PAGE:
November 22, 2020 5:00 PM
The City of Rochester continues to take precautions to prevent possible transmission and/or exposure of/to the virus. With the health and safety of City employees and residents being of the utmost importance.
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If you are fully vaccinated, you do not...
April 5, 2022 8:38 AM
April 4, 2022
This message includes updates on the COVID-19 response from CDC. The COVID-19 Outbreak is a rapidly evolving situation and information will be updated as it becomes available.
Test to Treat
The new nationwide Test to Treat initiative provides quick access to free treatment for COVID-19. Through this program, people can get tested and – if they are positive and treatments are appropriate for them – receive a prescription from a health care provider, and have their prescription filled all at one location.
These "One-Stop Test to Treat" sites are available at hundreds of locations nationwide, including pharmacy-based clinics, federally qualified health centers, and long-term care facilities.
People can continue to be tested and treated by their own health care providers who can appropriately prescribe these oral antivirals at locations where the medicines are distributed.
A call center 1-800-232-0233 is available every day from 8:00 am to midnight ET to get help in more than 150 other languages.
The Disability Information and Access Line is available to help people with disabilities access services. Call 1-888-677-1199, Monday-Friday from 9:00 am to 8:00 pm ET or email DIAL@usaginganddisability.org.
COVID-19 Vaccine Boosters
As the country emerges from the Omicron surge—and we experience low COVID-19 Community levels in most parts of the country—CDC has updated its COVID-19 vaccination guidance to give some people the option to get a second mRNA COVID-19 booster dose (Pfizer-BioNTech or Moderna).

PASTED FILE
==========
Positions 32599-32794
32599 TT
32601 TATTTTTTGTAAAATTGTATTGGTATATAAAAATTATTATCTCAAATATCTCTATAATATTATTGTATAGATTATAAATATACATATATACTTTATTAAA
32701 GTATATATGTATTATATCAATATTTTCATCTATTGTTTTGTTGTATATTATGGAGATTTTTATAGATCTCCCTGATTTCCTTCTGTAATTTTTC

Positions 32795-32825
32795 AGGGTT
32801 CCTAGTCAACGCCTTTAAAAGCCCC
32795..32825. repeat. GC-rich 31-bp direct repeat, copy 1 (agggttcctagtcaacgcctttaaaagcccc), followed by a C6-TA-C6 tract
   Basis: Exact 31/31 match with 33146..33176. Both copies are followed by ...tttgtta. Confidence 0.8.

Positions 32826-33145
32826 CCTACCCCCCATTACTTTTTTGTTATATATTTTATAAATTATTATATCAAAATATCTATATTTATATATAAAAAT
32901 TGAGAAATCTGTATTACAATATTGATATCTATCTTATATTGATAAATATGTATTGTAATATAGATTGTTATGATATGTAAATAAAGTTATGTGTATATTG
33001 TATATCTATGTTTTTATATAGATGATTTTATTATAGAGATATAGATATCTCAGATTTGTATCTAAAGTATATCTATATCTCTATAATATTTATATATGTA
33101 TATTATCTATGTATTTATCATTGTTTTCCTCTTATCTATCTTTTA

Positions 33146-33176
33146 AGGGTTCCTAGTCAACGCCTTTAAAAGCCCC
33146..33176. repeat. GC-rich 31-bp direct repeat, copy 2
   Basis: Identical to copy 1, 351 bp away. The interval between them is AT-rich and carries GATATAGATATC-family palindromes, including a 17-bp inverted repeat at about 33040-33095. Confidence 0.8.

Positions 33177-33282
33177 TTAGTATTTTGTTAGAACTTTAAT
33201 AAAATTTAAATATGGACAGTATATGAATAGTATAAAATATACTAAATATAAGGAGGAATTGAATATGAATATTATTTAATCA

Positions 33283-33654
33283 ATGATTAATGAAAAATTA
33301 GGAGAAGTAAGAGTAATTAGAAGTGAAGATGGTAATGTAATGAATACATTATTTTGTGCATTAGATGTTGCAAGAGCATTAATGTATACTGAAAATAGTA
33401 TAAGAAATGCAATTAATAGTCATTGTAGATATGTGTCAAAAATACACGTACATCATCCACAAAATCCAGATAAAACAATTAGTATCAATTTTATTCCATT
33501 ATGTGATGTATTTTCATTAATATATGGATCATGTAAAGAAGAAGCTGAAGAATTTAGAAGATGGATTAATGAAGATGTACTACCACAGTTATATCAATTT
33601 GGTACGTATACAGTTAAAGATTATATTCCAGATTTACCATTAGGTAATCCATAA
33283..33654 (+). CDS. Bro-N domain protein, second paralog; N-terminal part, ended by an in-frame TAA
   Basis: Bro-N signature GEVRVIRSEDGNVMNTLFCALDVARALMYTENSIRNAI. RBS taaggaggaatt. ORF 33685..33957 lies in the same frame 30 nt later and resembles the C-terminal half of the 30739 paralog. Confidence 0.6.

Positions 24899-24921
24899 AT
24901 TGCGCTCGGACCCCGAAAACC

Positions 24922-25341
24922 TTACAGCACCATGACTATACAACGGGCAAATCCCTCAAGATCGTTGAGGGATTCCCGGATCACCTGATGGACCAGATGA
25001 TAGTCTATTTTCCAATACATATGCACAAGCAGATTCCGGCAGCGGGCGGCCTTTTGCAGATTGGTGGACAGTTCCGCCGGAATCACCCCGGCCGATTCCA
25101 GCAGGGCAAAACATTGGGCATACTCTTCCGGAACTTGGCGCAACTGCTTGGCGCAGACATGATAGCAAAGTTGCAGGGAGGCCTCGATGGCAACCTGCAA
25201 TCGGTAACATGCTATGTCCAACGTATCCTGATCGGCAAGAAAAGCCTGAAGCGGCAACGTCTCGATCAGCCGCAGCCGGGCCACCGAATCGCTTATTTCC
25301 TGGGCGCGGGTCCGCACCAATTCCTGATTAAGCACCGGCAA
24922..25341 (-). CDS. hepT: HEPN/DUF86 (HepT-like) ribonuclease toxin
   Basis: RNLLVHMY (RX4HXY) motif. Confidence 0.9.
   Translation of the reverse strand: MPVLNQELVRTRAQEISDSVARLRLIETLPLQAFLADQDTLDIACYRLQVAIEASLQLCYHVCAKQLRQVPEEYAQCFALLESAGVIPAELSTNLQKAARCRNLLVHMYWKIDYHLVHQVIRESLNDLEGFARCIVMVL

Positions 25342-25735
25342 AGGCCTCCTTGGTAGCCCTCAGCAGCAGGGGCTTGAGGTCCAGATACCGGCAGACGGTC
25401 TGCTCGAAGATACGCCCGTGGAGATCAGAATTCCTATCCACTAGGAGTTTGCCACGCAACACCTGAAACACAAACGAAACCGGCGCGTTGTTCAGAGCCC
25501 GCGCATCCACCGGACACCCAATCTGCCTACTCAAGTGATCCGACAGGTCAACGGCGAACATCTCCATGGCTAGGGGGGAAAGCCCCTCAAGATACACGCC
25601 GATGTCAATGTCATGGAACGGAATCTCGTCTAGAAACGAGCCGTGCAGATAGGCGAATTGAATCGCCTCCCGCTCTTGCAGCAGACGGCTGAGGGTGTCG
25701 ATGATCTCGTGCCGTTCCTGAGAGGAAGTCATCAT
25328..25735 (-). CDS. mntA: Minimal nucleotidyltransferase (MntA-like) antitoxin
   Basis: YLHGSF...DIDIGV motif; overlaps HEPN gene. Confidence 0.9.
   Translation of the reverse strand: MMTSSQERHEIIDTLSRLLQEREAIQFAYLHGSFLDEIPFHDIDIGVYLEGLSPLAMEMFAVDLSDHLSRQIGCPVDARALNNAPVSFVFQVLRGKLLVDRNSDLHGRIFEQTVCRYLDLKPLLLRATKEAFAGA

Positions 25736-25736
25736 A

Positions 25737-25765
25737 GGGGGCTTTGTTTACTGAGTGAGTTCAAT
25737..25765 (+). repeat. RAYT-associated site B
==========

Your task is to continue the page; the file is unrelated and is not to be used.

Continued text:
You can now receive a second booster dose if you:
* A recent CDC study found that adults who received the J&J/Janssen COVID-19 vaccine as both their primary dose and booster dose had lower levels of protection against COVID-19-associated hospitalizations, as well as emergency department and urgent care visits, during Omicron compared to adults who received an mRNA COVID-19 vaccine booster dose. As such, they may benefit from an mRNA COVID-19 vaccine booster dose and are now eligible to receive one.
How to Improve Ventilation in Your Home
Below are ways you can improve ventilation in your home. Use as many ways as you can (open windows, use air filters, and turn on fans) to help clear out virus particles in your home faster.
Bring as much fresh air into your home as possible.
Bringing fresh, outdoor air into your home helps keep virus particles from accumulating inside.
Filter the air in your home.
If your home has a central heating, ventilation, and air conditioning system (HVAC - a system with air ducts that go throughout the home) that has a filter, learn how to help trap virus particles and improve ventilation.
Consider using a portable air cleaner.
If you don’t have an HVAC system or just want extra filtration, consider using a portable high-efficiency particulate air (HEPA) cleaner.
Turn on the exhaust fan in your bathroom and kitchen.
With good ventilation, the concentration of virus particles in the air will be lower and they will leave your home faster than with poor ventilation.
Use fans to improve air flow.
Limit the number of visitors in your home and the time spent inside.
The more people inside your home, and the longer they stay, the more virus particles can accumulate.
Use the Interactive Ventilation Tool | CDC to learn how you can decrease the level of COVID-19 virus particles during and after a guest visits your home.
COVID-19 Community Levels
CDC uses COVID-19 Community Levels to determine the disease’s impact on counties and recommend prevention measures.
CDC also tracks cases, laboratory tests, vaccinations, deaths, and other pandemic data and provides them on our COVID Data Tracker.